Can a folk tales compilation/book be a valid source?

sentence-collection

(Jumasheff) #1

Can a folk tales compilation/book be a valid source of CC0 texts?
See, the compilation author explicitly writes that 1) the book is a collection of folk tales and 2) he is an editor.


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(Rubén Martín) #2

It should as long as the author clearly publish them under a valid license or gives his/her consent to re-license it under it.


(Jumasheff) #3

… but the tales’ author is ugh… folks, like in tales were invented by people long-long time ago and no one knows who are their authors… There was no notion of public domain when these tales were created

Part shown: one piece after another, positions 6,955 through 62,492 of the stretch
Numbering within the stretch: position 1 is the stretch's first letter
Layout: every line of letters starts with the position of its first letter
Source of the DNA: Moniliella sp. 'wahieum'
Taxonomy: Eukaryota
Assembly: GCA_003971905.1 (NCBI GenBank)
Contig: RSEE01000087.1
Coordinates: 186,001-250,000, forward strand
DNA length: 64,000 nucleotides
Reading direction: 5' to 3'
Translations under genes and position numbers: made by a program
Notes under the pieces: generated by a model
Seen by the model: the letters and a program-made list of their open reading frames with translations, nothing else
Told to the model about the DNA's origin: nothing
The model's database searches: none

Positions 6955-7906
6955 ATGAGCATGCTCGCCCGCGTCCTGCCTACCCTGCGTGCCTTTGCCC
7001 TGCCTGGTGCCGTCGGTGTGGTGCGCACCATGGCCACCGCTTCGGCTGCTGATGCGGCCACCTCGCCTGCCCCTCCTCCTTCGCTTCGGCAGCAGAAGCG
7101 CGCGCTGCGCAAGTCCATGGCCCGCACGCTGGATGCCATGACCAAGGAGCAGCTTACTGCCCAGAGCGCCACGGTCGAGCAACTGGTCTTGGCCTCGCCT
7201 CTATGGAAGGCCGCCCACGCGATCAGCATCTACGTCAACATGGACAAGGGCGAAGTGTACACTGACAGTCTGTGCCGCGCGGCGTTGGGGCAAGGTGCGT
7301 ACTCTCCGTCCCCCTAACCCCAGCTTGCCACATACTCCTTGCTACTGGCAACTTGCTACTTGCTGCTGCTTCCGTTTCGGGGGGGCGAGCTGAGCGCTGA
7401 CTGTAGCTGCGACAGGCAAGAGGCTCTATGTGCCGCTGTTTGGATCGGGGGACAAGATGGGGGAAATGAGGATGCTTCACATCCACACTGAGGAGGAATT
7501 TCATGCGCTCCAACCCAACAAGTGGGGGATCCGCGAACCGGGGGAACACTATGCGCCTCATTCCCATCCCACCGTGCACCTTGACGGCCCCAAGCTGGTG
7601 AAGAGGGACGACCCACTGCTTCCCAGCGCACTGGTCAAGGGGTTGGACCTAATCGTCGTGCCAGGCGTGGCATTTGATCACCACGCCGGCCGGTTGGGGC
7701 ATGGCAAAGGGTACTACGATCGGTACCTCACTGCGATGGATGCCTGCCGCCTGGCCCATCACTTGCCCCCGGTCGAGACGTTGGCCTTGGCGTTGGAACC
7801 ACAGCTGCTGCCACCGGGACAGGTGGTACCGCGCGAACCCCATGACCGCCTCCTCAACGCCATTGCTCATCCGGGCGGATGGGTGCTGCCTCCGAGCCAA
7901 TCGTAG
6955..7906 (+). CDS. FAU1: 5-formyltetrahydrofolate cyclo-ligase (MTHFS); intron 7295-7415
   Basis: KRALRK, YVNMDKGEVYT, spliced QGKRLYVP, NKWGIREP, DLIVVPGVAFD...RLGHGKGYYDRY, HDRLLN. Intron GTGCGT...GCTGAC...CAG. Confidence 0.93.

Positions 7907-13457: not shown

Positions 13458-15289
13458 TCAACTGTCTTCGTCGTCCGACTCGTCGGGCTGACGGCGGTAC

(Rubén Martín) #4

My understanding is that the author is whoever compiled the stories and transcribed them into text and published it.

Similar to translations, some classic books are public domain (the original texts) but translations are published maybe a few decades ago by someone and are still under some kind or copyright.


(Jumasheff) #5

Ok, this makes sense. Just to make things clearer – one of my friends who authored a booklet allowed to use his material. In which form (and to whom) should I show that he has CC0’d his authorship? Does a facebook chat-conversation screenshot work?


(Rubén Martín) #6

I would say that ideally the content is hosted in place people can consult for reference where the author clearly communicates the license, it could be his own blog/site, github or any other platform where you can upload this kind of material. So in case anyone asks we can direct them there for reference.